We had a good dinner in the hotel too – having had enough of rice and noodles for a while we opted for plain old tomato and cheese pizza – not having much hope that it would be pizza as we know it, but it was lovely! And the french fries were actually fried!! As we were in Lhasa and didn’t have to get on a bus the next morning we decided to order some Lhasa beer – ‘beer from the roof of the world’. Was quite nice, but a bit weak compared with the brews we’d had in Europe.

The next morning we all congregated downstairs to go to Potala Palace – the Palace was the chief residence of the Dalai Lama until the current  (14th) Dalai Lama fled to Dharamsala, India, after an invasion and failed uprising in 1959.  Now, Potala Palace has been converted into a museum by the Chinese government with over 1,000 rooms, 10,000 shrines and about 200,000 statues?

It wasn’t far from the hotel but we had to get there early to get up to the entrance as it had loads of stairs! We were also limited to 1 hour within the palace – this place is flooded with tourists everyday so the officials like to get everyone through as quick as they can!

From a distance the palace looked very impressive, but up close we could see how grubby it had become. There were some great views of the city from the steps, as well as the square opposite which housed what we presumed was some sort of ‘freedom tower’ (we only say that as it is shaped like the Azadi Tower in Tehran, but we don’t actually know what it is).

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Inside the Palace we weren’t allowed to take photos but to be honest, I don’t think that half of the rooms were open. There were lots of rooms with Buddha statues as well as the tombs of the past Dalai Lama’s. The most impressive tomb was the 5th Dalai Lama’s (he was the one who started the construction of the Potala Palace in 1645 on the advice of his spiritual advisor) – his tomb was made up of over 3000 kg of gold and 10,000 precious stones! Wow.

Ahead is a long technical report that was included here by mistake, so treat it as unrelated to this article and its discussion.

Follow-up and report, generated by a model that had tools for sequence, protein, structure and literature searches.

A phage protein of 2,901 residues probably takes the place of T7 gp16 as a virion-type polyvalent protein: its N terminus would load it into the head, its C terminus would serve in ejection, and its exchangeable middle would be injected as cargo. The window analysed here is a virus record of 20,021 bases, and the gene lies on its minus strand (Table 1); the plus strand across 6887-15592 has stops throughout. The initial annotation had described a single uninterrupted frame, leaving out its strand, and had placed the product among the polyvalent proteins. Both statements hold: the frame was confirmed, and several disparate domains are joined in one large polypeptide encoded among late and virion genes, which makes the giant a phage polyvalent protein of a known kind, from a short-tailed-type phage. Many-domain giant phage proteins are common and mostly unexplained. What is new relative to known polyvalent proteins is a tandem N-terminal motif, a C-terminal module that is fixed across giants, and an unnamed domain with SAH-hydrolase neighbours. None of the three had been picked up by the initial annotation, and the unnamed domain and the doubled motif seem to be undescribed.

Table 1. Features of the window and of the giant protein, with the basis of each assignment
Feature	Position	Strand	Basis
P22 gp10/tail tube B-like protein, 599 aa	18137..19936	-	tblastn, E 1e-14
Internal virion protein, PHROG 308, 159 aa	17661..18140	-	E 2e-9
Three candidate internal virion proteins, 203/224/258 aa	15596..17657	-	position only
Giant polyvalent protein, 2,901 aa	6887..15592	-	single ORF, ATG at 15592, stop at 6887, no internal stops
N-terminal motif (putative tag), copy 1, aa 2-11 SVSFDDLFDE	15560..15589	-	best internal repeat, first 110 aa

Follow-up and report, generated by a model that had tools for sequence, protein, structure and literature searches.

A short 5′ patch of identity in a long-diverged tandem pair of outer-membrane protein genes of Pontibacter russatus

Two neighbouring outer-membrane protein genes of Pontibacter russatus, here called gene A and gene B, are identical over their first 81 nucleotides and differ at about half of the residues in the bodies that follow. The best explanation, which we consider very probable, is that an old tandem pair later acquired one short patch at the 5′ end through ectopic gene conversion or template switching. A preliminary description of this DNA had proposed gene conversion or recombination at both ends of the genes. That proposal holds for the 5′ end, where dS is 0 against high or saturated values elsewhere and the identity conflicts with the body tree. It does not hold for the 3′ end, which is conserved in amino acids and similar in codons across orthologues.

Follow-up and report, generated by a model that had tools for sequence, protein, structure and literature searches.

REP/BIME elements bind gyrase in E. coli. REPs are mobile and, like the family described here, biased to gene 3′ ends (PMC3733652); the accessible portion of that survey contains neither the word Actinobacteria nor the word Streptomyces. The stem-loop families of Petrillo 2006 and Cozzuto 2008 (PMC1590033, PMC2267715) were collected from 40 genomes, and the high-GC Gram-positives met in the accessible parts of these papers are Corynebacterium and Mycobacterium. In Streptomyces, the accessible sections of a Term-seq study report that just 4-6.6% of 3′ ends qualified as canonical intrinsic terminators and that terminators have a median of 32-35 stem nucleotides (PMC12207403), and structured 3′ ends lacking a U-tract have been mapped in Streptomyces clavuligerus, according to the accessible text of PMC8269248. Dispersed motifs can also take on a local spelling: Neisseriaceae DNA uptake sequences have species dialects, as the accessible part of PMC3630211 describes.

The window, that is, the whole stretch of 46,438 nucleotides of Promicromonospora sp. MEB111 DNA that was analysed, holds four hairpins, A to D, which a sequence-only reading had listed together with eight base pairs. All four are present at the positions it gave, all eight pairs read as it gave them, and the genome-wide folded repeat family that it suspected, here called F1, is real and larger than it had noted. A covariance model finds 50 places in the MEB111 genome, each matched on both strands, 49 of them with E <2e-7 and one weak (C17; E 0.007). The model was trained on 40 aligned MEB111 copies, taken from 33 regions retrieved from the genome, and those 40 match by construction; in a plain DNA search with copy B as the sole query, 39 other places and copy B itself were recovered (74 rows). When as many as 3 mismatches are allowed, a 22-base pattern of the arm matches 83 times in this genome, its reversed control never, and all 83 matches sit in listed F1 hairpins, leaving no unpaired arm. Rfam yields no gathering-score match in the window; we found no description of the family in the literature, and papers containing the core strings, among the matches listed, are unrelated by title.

Richard and I ended up getting lost from the rest of the tour group – we went to have a peak in one of the chapels but then weren’t allowed to turn around and get back out again as you’re only allowed to go one way through the palace! So we got caught up in loads of Chinese tour groups before we eventually found ourselves outside – on the opposite side of the palace to the side we had gone in! All we could do was make our way down the many steps, taking some more photos of the view and walk round to the front of the palace to try and find the others.

We did bump into a rather cute deer on the steps – it was perched on one of the outside walls and then bounded up the steps towards us. Very tame so it must live around the palace.

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After about 45 mins we headed back to the coach and waited for the others to return. Turns out they didn’t even know we were missing!!

Just another full day left in Lhasa until our train to Beijing – tomorrow we’re going to visit another temple and some more monastries – hopefully these will shed a bit more light on the Buddhist religion, which we’re finding quite complex!!